Dataset

Estimating nitrogen losses from furrow irrigated cotton rotation systems. Dalby, Queensland, 2005-2006 [GCRC]

N2O Network
David Rowlings (Managed by) Peter Grace (Managed by) Siobhann McCafferty (Associated with)
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ctx_ver=Z39.88-2004&rft_val_fmt=info%3Aofi%2Ffmt%3Akev%3Amtx%3Adc&rfr_id=info%3Asid%2FANDS&rft_id=http://www.n2o.net.au/knb/metacat/Rowlings.32/n2o&rft.title=Estimating nitrogen losses from furrow irrigated cotton rotation systems. Dalby, Queensland, 2005-2006 [GCRC]&rft.identifier=Rowlings.32&rft.publisher=N2O Network&rft.description=Cotton is one of many agricultural industries heavily reliant on nitrogenous fertilizers and water storages to maintain high levels of production. Cotton-based farming systems are therefore labelled as potentially high-risk agricultural systems with respect to gases losses of nitrogen to the atmosphere, nitrate leaching which contribute to environmental pollution. The inefficient use of fertiliser applied nitrogen also reduces profitability. Irrigated cotton grown on alkaline grey clay soils often use nitrogen fertilizer inefficiently, due largely to nitrogen loss (commonly 50 - 100 kg N ha-1) through denitrification. These and the heavier black clays (Vertosols) are the dominant soils in the cotton growing region of Australia and with their high water holding capacity are ideal environments for denitrification and associated losses of nitrous oxide (N2O) and N2. The nitrogen gases emitted also include ammonia, but it is N2O, a potent greenhouse gas with a Global Warming Potential (GWP) approximately 300 times that of carbon dioxide (CO2), which has fuelled debate. Field measurements using a portable automated gas analysis system were carried out on a typical furrow irrigated cotton farm near Dalby on Queenslands Darling Downs over the 2005/06 season. The impact of water run applications of fertiliser N on emissions were examined with half (three) the chambers placed within the irrigation furrow and the remaining three (with 50 cm extentions) placed over growing plants in the row .&rft.creator=Anonymous&rft.date=2014&rft.coverage=151.28,-27.17&rft_rights=Permission required from data owner&rft_subject=Cotton&rft_subject=Furrow Irrigated&rft_subject=Alkaline Grey Clay Soils&rft_subject=N2o&rft_subject=Nitrous Oxide&rft_subject=Co2&rft_subject=Vertosol&rft_subject=Auto Chambers&rft_subject=Dalby&rft_subject=Qld&rft_subject=Environmental Science and Management&rft_subject=Environmental Sciences&rft.type=dataset&rft.language=English Go to Data Provider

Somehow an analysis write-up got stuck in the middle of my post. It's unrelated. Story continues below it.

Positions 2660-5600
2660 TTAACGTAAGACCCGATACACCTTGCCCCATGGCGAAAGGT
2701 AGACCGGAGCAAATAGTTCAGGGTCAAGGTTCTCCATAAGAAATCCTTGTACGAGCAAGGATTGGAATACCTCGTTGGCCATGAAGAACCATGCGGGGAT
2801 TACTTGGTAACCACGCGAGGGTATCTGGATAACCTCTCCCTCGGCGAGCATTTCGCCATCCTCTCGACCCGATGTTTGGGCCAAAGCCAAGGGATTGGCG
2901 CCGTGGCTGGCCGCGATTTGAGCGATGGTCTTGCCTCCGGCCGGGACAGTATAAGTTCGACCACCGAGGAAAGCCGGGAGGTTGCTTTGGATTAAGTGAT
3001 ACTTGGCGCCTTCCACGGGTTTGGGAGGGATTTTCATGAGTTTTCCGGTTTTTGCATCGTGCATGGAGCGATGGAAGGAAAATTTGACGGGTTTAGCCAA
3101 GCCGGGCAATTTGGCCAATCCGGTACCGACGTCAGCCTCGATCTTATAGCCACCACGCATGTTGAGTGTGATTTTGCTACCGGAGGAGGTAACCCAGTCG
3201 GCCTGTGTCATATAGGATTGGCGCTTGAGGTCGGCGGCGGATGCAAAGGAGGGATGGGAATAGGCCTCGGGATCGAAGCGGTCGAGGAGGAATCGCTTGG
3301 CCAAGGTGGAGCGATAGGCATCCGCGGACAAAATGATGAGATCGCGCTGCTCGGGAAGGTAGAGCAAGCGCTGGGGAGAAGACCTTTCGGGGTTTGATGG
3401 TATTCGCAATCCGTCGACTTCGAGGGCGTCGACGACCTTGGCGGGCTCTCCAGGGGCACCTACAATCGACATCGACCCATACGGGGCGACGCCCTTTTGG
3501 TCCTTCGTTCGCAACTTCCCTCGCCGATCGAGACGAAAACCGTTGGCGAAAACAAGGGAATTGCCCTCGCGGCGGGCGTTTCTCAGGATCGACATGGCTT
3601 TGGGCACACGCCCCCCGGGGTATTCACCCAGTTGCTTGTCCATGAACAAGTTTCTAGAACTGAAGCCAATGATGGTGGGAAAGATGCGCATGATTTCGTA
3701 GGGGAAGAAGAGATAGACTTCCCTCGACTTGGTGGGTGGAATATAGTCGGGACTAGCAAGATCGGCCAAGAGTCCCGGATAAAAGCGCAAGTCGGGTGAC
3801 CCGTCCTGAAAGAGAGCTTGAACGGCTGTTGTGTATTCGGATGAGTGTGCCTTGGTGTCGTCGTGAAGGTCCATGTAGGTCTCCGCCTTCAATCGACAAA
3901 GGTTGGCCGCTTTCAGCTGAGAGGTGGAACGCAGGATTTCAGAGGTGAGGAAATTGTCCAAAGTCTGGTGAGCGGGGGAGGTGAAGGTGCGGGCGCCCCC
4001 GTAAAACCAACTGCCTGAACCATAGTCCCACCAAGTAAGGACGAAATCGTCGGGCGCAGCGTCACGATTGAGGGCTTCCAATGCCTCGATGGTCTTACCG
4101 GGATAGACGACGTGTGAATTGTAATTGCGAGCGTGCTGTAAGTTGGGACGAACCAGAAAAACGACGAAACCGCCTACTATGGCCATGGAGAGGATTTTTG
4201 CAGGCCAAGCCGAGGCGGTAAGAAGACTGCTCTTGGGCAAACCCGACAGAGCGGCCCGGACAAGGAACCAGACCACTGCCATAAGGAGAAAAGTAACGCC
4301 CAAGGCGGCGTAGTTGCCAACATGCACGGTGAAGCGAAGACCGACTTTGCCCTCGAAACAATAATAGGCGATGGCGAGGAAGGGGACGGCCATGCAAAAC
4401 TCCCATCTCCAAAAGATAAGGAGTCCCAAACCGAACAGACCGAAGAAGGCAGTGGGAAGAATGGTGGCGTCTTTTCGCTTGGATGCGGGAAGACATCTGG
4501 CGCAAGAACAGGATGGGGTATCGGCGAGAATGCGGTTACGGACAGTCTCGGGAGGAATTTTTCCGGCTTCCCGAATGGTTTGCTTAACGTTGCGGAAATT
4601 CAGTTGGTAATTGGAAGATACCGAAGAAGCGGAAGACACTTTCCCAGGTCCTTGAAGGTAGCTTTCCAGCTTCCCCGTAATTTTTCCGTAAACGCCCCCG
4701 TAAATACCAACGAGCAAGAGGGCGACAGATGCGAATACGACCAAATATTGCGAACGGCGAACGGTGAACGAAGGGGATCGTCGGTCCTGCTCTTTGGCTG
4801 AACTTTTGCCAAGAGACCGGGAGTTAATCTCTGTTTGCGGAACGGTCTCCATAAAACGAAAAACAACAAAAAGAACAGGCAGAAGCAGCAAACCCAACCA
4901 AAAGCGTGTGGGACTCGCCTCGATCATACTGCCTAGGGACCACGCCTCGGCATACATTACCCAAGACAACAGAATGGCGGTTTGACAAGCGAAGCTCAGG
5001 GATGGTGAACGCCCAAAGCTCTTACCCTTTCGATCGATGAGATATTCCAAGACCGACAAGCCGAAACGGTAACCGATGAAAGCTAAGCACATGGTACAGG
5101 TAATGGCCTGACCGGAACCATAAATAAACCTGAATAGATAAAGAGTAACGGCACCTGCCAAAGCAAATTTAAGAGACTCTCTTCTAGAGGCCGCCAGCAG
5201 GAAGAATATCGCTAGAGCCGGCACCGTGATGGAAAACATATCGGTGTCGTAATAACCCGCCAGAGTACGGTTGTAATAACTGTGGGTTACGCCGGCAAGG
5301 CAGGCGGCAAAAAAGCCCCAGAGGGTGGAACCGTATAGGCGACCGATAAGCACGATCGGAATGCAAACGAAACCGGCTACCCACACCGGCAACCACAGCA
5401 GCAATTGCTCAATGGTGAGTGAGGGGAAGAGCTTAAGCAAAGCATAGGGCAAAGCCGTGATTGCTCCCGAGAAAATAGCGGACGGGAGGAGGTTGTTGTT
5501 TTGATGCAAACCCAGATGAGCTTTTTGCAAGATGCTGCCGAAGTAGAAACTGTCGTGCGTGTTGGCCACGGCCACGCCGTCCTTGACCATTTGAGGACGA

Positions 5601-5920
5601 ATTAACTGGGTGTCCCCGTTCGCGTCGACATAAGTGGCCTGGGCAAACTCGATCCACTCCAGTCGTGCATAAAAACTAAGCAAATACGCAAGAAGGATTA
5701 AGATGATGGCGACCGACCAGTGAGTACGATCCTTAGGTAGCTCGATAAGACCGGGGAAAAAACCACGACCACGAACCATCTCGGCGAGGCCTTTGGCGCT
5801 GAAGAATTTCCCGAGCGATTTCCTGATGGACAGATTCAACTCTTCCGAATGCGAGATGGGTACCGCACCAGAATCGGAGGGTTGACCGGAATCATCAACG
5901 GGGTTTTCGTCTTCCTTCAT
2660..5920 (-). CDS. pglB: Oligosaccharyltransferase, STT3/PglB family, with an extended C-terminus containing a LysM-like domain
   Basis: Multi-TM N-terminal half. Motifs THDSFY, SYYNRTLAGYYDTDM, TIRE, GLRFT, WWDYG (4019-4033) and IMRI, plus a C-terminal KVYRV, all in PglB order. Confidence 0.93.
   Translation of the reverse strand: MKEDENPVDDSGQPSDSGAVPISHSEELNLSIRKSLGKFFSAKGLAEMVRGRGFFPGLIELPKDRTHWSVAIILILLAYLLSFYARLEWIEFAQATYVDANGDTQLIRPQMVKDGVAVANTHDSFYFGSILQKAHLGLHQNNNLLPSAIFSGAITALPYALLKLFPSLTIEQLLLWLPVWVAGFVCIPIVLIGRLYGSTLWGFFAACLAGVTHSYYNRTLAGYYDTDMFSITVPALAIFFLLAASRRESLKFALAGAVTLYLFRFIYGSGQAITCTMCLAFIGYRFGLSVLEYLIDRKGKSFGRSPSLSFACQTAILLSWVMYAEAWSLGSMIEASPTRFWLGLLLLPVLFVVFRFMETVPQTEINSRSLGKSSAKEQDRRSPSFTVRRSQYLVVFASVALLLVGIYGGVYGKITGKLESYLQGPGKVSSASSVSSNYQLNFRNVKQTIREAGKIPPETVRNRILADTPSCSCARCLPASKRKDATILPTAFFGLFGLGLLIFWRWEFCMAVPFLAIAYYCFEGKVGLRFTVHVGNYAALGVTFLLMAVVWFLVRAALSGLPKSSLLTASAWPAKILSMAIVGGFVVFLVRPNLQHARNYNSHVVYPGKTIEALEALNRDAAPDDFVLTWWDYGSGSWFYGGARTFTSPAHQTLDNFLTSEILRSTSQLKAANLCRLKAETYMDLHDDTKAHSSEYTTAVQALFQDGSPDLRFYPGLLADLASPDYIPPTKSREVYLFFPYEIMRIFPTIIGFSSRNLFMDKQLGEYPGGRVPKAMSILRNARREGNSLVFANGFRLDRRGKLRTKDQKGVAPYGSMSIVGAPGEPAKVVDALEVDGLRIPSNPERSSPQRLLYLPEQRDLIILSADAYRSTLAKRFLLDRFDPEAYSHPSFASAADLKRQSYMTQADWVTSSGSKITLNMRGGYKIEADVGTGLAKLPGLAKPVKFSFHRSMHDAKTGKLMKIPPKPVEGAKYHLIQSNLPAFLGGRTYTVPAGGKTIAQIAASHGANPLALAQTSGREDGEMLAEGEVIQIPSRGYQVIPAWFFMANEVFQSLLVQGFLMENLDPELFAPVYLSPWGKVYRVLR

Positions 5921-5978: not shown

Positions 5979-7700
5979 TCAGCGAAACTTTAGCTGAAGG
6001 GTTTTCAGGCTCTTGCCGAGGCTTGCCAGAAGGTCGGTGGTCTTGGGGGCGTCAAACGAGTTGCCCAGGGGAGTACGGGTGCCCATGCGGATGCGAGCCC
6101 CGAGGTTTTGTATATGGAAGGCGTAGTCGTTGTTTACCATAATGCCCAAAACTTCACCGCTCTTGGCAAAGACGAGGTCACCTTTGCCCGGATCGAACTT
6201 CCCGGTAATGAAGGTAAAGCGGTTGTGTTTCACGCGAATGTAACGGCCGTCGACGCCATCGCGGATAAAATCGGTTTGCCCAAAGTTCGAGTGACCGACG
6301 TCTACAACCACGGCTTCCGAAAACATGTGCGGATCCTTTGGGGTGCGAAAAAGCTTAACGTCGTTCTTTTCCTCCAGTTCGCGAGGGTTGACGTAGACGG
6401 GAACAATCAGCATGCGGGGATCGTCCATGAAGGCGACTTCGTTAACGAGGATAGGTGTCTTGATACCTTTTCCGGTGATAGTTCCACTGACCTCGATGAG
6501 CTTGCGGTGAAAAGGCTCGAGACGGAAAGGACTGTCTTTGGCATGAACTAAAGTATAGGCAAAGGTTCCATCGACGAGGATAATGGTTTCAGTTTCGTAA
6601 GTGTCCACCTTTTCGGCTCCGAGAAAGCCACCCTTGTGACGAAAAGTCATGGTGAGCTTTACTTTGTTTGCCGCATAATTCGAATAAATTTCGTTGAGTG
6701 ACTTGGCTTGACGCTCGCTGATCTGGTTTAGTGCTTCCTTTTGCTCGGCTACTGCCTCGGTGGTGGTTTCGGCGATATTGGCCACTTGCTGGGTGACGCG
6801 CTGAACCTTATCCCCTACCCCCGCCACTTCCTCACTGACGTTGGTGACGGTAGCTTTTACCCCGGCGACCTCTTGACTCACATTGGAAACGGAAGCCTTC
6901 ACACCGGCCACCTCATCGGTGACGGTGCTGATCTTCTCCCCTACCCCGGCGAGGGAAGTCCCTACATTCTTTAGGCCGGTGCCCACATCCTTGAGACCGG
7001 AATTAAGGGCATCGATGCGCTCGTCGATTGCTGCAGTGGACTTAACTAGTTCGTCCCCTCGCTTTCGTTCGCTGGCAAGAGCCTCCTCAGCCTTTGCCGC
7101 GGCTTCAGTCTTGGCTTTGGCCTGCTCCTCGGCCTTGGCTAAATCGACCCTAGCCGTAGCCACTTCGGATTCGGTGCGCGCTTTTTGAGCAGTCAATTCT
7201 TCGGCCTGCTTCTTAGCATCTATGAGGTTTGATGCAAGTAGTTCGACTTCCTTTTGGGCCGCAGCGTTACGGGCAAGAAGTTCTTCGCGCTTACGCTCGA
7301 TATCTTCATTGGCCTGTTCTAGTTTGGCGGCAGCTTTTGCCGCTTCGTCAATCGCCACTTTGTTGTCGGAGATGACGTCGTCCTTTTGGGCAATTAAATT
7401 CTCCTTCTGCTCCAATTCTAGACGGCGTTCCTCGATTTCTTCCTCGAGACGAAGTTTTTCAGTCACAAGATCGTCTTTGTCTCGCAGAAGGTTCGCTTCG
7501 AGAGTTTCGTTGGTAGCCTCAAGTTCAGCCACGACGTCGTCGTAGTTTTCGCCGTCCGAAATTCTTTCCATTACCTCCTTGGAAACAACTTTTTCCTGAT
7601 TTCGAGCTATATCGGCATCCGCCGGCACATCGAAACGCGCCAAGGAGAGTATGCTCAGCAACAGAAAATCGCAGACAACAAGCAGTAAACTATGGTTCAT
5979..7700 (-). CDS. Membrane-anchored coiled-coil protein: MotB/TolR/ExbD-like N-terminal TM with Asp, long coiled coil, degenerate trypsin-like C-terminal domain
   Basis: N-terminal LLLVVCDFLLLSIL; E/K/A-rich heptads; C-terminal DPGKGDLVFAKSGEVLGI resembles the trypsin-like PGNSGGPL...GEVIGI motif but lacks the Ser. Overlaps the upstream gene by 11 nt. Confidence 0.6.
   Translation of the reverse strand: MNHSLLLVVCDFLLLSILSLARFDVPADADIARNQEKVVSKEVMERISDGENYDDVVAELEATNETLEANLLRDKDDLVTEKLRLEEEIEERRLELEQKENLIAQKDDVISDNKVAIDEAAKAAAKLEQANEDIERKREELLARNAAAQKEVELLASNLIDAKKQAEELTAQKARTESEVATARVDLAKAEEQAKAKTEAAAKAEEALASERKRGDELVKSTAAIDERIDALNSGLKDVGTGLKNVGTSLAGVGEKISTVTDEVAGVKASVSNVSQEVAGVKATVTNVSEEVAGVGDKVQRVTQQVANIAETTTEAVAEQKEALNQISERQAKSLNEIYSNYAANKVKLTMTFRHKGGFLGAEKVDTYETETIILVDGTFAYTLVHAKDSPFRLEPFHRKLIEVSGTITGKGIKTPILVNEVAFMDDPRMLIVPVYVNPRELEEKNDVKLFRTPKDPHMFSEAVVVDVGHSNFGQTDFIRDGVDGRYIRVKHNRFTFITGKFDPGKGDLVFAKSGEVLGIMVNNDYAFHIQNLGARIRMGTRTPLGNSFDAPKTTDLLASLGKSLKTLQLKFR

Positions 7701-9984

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Brief description

Cotton is one of many agricultural industries heavily reliant on nitrogenous fertilizers and water storages to maintain high levels of production. Cotton-based farming systems are therefore labelled as potentially high-risk agricultural systems with respect to gases losses of nitrogen to the atmosphere, nitrate leaching which contribute to environmental pollution. The inefficient use of fertiliser applied nitrogen also reduces profitability.

Irrigated cotton grown on alkaline grey clay soils often use nitrogen fertilizer inefficiently, due largely to nitrogen loss (commonly 50 - 100 kg N ha-1) through denitrification. These and the heavier black clays (Vertosols) are the dominant soils in the cotton growing region of Australia and with their high water holding capacity are ideal environments for denitrification and associated losses of nitrous oxide (N2O) and N2. The nitrogen gases emitted also include ammonia, but it is N2O, a potent greenhouse gas with a Global Warming Potential (GWP) approximately 300 times that of carbon dioxide (CO2), which has fuelled debate.

Field measurements using a portable automated gas analysis system were carried out on a typical furrow irrigated cotton farm near Dalby on Queenslands Darling Downs over the 2005/06 season. The impact of water run applications of fertiliser N on emissions were examined with half (three) the chambers placed within the irrigation furrow and the remaining three (with 50 cm extentions) placed over growing plants in the row .

Data time period: 2005-10-18 to 2006-04-16

151.28,-27.17

151.28,-27.17

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Identifiers
  • Local : Rowlings.32